Christian media for kids; among other things. But reading the Bible with my children is a top priority.
The only trouble with Bible reading with young children is...it can be very, very difficult to get them to listen. Many mothers complain their little ones wiggle too much, or argue during Bible reading, or or touch each other, or kick each other, or breathe on each other, or otherwise cause disruptions that make Bible reading impossible. If you have this trouble in your home, read on. Here's what works for us:
* Choose your time wisely. You and your children are probably at your freshest in the morning. Evening devotions are okay, too, but I find I'm more likely to feel impatient when it's nearly bedtime - and my children are less likely to remember what we read.
* Make sure your children's needs are met. If they are hungry or thirsty or need to use the restroom, it will be impossible for them to pay attention to the Bible. So get those basic needs out of the way before you begin.
* Try singing first. Sing a hymn or a Bible verse (for example, something from Hide 'Em in Your Heart) with your kids. Encourage them to stand up, make hand motions, and even dance. This gets the wiggles out.
* Try mealtime. Typically, I read the Bible to my children while they eat breakfast. I find they listen very well while they are eating a meal (not just a snack), and that breakfast becomes a mostly laid back time, where we can easily discuss the Bible.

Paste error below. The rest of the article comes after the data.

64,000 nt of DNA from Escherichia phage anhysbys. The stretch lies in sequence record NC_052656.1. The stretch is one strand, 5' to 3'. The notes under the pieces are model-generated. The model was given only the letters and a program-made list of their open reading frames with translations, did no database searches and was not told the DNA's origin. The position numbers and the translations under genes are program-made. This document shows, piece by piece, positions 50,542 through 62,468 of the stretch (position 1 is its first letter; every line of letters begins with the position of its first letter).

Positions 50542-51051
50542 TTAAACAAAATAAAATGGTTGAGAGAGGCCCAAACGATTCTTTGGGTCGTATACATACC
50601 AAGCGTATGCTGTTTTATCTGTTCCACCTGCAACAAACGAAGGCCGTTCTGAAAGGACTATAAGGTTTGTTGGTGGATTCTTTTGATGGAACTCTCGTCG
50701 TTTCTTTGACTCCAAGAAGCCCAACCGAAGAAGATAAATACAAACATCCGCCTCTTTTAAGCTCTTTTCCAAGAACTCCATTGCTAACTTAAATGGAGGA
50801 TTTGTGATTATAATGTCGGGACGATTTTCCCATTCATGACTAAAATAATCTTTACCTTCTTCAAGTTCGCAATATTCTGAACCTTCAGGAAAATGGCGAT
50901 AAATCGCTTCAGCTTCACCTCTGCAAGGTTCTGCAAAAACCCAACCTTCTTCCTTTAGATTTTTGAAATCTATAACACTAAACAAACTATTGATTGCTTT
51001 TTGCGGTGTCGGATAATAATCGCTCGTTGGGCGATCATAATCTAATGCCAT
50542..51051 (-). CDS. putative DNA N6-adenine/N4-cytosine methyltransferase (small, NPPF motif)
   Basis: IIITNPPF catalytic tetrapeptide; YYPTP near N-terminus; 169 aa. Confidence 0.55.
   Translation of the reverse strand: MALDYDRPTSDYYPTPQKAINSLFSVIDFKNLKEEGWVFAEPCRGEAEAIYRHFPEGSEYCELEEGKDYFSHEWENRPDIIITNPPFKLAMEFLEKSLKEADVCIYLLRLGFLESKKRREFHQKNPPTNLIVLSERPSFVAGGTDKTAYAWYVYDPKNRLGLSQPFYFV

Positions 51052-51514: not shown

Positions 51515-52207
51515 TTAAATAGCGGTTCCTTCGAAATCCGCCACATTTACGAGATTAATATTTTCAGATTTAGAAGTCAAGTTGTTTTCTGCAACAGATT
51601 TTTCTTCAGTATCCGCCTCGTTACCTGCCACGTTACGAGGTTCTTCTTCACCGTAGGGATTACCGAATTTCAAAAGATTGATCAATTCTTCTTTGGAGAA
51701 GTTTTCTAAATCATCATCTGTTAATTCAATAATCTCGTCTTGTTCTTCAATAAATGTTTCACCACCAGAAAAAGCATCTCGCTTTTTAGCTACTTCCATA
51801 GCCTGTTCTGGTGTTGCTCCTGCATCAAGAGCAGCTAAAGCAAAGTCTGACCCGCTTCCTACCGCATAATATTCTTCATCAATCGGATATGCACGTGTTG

* Try quiet activities. If for some reason I can't read the Bible while my children eat breakfast, I usually sit on the couch in the morning and have the children gather around while I read. But they don't just sit; they have quiet activities to do. Usually this is coloring or drawing, but anything works as long as it isn't noisy and leaves them free to listen. Truly, most children seem to listen better if their hands are busy.
* Pick the right Bible. There's nothing wrong with reading a regular, adult Bible to your children. (Although you'll probably want to skip certain, more mature sections.) However, I believe it's invaluable to have Bibles your children can more readily understand. Not only should each child have his or her own Bible (which should be geared toward their age group), I recommend having a children's Bible storybook that appeals to all your children - except perhaps the babies and toddlers in your family. In addition, I like having several children's Bible storybooks around, so we can finish one and - instead of repeating everything we just read - pick up another. Invariably, the stories are a bit different and the author's approach lends a freshness to the stories. Click here for my Bible recommendations.
How do you make devotions with young children work in your family?
Originally published 4/30/14.